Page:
WO2013169845A1 (en) 2012-05-09 2013-11-14 Yknots Industries Llc Device, method, and graphical user interface for scrolling nested regions
CN109062488A (en) 2012-05-09 2018-12-21 苹果公司 For selecting the equipment, method and graphic user interface of user interface object
CN104487929B (en) 2012-05-09 2018-08-17 苹果公司 For contacting the equipment for carrying out display additional information, method and graphic user interface in response to user
WO2013169843A1 (en) 2012-05-09 2013-11-14 Yknots Industries Llc Device, method, and graphical user interface for manipulating framed graphical objects
WO2013169875A2 (en) 2012-05-09 2013-11-14 Yknots Industries Llc Device, method, and graphical user interface for displaying content associated with a corresponding affordance
EP2847662A2 (en) 2012-05-09 2015-03-18 Apple Inc. Device, method, and graphical user interface for providing feedback for changing activation states of a user interface object
CN108052264A (en) 2012-05-09 2018-05-18 苹果公司 For moving and placing the equipment of user interface object, method and graphic user interface
CN108287651A (en) 2012-05-09 2018-07-17 苹果公司 Method and apparatus for providing touch feedback for the operation executed in the user interface
WO2013170428A1 (en) * 2012-05-14 2013-11-21 Nokia Corporation Method and apparatus for determining context-aware similarity
US9026668B2 (en) 2012-05-26 2015-05-05 Free Stream Media Corp. Real-time and retargeted advertising on multiple screens of a user watching television
CN102710632B (en) * 2012-05-29 2016-03-30 华为终端有限公司 And a terminal registration information processing apparatus and method for interactive system
US9721563B2 (en) 2012-06-08 2017-08-01 Apple Inc. Name recognition system
WO2013188317A1 (en) * 2012-06-10 2013-12-19 Kevin Mcgushion Active web page consolidator
EP2675146A1 (en) 2012-06-11 2013-12-18 Samsung Electronics Co., Ltd Terminal apparatus, method and system for setting up destination and providing information
US9374679B2 (en) 2012-06-11 2016-06-21 Samsung Electronics Co., Ltd. Service providing device, service providing system including user profile server, and service providing method for service providing device
GB2505072A (en) 2012-07-06 2014-02-19 Box Inc Identifying users and collaborators as search results in a cloud-based system
US20140036099A1 (en) * 2012-08-03 2014-02-06 Be Labs, Llc Automated Scanning
CN103678269A (en) * 2012-08-30 2014-03-26 国际商业机器公司 Information processing method and device
US9237386B2 (en) 2012-08-31 2016-01-12 Google Inc. Aiding discovery of program content by providing deeplinks into most interesting moments via social media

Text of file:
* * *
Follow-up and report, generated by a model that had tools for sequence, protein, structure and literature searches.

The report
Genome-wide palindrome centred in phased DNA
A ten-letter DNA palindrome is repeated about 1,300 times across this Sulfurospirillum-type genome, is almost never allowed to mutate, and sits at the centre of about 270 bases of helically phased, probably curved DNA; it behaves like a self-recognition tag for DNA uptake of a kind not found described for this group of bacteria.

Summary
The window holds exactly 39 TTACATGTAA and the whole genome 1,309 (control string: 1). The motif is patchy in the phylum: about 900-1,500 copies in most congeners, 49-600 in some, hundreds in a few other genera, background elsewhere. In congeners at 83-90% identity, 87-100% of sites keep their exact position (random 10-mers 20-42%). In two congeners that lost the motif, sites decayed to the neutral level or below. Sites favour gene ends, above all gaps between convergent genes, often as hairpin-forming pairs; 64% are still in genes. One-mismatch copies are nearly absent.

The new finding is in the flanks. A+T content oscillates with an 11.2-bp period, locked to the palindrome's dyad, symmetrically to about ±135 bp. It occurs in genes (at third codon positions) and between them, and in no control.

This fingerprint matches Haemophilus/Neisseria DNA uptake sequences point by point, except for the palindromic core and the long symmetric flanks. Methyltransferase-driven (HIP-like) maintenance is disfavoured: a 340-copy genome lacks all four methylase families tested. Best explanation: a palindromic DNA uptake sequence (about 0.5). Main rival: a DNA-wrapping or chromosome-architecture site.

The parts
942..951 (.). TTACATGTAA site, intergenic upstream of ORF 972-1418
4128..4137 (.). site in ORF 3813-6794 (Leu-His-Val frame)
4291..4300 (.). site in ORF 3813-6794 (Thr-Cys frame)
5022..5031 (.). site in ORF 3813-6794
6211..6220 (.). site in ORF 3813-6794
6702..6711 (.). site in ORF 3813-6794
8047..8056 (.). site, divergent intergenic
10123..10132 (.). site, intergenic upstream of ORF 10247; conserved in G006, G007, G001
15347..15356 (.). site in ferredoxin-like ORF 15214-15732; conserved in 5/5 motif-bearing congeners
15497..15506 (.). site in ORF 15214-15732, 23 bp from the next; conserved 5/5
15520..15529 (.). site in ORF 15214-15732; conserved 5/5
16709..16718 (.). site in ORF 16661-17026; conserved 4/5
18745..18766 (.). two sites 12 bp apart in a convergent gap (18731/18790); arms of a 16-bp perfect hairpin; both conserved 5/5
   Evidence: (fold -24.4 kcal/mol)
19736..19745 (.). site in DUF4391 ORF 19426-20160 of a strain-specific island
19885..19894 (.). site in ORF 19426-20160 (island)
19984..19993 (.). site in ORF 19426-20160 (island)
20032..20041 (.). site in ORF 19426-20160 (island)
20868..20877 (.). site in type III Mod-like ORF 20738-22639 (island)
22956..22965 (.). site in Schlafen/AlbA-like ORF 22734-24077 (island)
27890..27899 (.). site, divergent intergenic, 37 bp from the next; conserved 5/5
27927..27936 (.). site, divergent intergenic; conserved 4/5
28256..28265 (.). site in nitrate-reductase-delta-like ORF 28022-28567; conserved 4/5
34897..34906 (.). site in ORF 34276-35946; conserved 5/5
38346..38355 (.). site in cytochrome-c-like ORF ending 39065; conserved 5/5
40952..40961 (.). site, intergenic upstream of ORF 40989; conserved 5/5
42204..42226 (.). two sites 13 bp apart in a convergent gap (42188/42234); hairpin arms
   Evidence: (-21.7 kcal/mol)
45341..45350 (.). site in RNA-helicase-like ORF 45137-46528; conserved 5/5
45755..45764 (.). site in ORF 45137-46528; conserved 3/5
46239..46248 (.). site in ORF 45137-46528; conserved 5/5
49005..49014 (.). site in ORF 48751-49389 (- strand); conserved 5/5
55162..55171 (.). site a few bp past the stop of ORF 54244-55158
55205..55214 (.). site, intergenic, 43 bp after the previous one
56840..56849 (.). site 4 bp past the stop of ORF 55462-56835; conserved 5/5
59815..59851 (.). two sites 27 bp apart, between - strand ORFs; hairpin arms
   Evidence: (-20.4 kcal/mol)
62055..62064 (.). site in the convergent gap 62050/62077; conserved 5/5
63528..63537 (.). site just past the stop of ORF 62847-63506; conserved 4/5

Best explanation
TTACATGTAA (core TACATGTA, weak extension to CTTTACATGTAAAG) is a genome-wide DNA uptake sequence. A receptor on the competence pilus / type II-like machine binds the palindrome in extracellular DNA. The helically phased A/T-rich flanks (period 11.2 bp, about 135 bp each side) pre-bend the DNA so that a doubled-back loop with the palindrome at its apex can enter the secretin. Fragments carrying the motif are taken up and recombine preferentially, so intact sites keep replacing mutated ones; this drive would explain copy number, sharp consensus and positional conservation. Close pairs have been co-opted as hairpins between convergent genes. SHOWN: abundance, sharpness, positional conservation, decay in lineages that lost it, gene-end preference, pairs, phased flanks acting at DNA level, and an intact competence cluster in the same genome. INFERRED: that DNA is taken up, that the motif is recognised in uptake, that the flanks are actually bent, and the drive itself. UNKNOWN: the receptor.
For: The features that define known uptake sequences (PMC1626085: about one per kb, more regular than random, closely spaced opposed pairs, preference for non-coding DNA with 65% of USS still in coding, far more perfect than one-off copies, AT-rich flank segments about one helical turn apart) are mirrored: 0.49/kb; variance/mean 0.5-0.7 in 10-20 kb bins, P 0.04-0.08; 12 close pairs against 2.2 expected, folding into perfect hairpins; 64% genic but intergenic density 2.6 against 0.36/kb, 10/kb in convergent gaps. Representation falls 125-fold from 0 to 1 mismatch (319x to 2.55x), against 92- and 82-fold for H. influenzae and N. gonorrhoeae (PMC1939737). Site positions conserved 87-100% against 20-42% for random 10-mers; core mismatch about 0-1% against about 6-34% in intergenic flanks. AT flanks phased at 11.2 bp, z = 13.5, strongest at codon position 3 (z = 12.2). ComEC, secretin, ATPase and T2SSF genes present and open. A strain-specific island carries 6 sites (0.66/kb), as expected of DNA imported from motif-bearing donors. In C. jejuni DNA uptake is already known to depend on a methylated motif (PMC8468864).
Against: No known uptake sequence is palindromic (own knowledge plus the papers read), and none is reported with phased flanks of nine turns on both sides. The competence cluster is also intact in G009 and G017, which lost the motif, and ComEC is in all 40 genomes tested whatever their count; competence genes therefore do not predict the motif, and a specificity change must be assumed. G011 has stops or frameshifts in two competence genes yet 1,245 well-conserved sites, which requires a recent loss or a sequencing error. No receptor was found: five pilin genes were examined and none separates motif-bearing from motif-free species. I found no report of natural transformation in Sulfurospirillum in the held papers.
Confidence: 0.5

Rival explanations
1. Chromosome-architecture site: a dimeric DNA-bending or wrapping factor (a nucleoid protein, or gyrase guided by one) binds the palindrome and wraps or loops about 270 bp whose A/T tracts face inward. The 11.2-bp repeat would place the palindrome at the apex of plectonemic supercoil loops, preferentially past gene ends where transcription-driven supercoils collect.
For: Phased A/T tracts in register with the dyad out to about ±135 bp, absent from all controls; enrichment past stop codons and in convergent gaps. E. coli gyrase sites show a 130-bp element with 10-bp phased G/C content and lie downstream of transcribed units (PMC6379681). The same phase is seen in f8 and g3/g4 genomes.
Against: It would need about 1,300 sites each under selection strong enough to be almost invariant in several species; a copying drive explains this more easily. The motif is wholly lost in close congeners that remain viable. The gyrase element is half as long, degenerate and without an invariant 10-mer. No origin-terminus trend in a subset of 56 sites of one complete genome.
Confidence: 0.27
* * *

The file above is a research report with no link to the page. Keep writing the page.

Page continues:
US9547647B2 (en) 2012-09-19 2017-01-17 Apple Inc. Voice-based media searching
US20140082091A1 (en) * 2012-09-19 2014-03-20 Box, Inc. Cloud-based platform enabled with media content indexed for text-based searches and/or metadata extraction
US9256889B1 (en) * 2012-09-20 2016-02-09 Amazon Technologies, Inc. Automatic quote generation
US20140095551A1 (en) * 2012-09-28 2014-04-03 Interactive Memories, Inc. Methods for Optimizing Storage Space and Reducing Redundancy in Data Reproduction for Data Stored for Creating Image-Based Products through an Electronic Interface
US9349202B1 (en) * 2012-10-01 2016-05-24 Amazon Technologies, Inc. Digital conversion of imaged content
US9495364B2 (en) 2012-10-04 2016-11-15 Box, Inc. Enhanced quick search features, low-barrier commenting/interactive features in a collaboration platform
US20140101542A1 (en) * 2012-10-09 2014-04-10 Microsoft Corporation Automated data visualization about selected text
US9870554B1 (en) 2012-10-23 2018-01-16 Google Inc. Managing documents based on a user's calendar
CN103793446B (en) * 2012-10-29 2019-03-01 汤晓鸥 The generation method and system of music video
US9529916B1 (en) 2012-10-30 2016-12-27 Google Inc. Managing documents based on access context
US8793724B2 (en) 2012-11-08 2014-07-29 Eldon Technology Limited Image domain compliance
US9147275B1 (en) * 2012-11-19 2015-09-29 A9.Com, Inc. Approaches to text editing
US9092509B2 (en) * 2012-11-19 2015-07-28 Microsoft Technology Licensing, Llc Search query user interface
RU2530268C2 (en) * 2012-11-28 2014-10-10 Общество с ограниченной ответственностью "Спиктуит" Method for user training of information dialogue system
US9483159B2 (en) 2012-12-12 2016-11-01 Linkedin Corporation Fact checking graphical user interface including fact checking icons
US9384285B1 (en) 2012-12-18 2016-07-05 Google Inc. Methods for identifying related documents
US9483518B2 (en) 2012-12-18 2016-11-01 Microsoft Technology Licensing, Llc Queryless search based on context
US9495341B1 (en) 2012-12-18 2016-11-15 Google Inc. Fact correction and completion during document drafting
GB201223450D0 (en) * 2012-12-27 2013-02-13 Touchtype Ltd Search and corresponding method
EP2939098B1 (en) 2012-12-29 2018-10-10 Apple Inc. Device, method, and graphical user interface for transitioning between touch input to display output relationships
KR20190085179A (en) 2012-12-29 2019-07-17 애플 인크. Device, method, and graphical user interface for navigating user interface hierachies
CN107831991A (en) 2012-12-29 2018-03-23 苹果公司 For determining the equipment, method and the graphic user interface that are rolling or selection content
JP6093877B2 (en) 2012-12-29 2017-03-08 アップル インコーポレイテッド Device, method, and graphical user interface for foregoing generation of tactile output for multi-touch gestures
US20150347615A1 (en) * 2013-01-09 2015-12-03 Kevin D. McGushion Active Web Page Consolidator and Internet History Management System
EP2951719A4 (en) * 2013-02-01 2016-07-13 Parlor Labs Inc System and method for assessing reader activity
US9401947B1 (en) 2013-02-08 2016-07-26 Google Inc. Methods, systems, and media for presenting comments based on correlation with content
US9414004B2 (en) 2013-02-22 2016-08-09 The Directv Group, Inc. Method for combining voice signals to form a continuous conversation in performing a voice search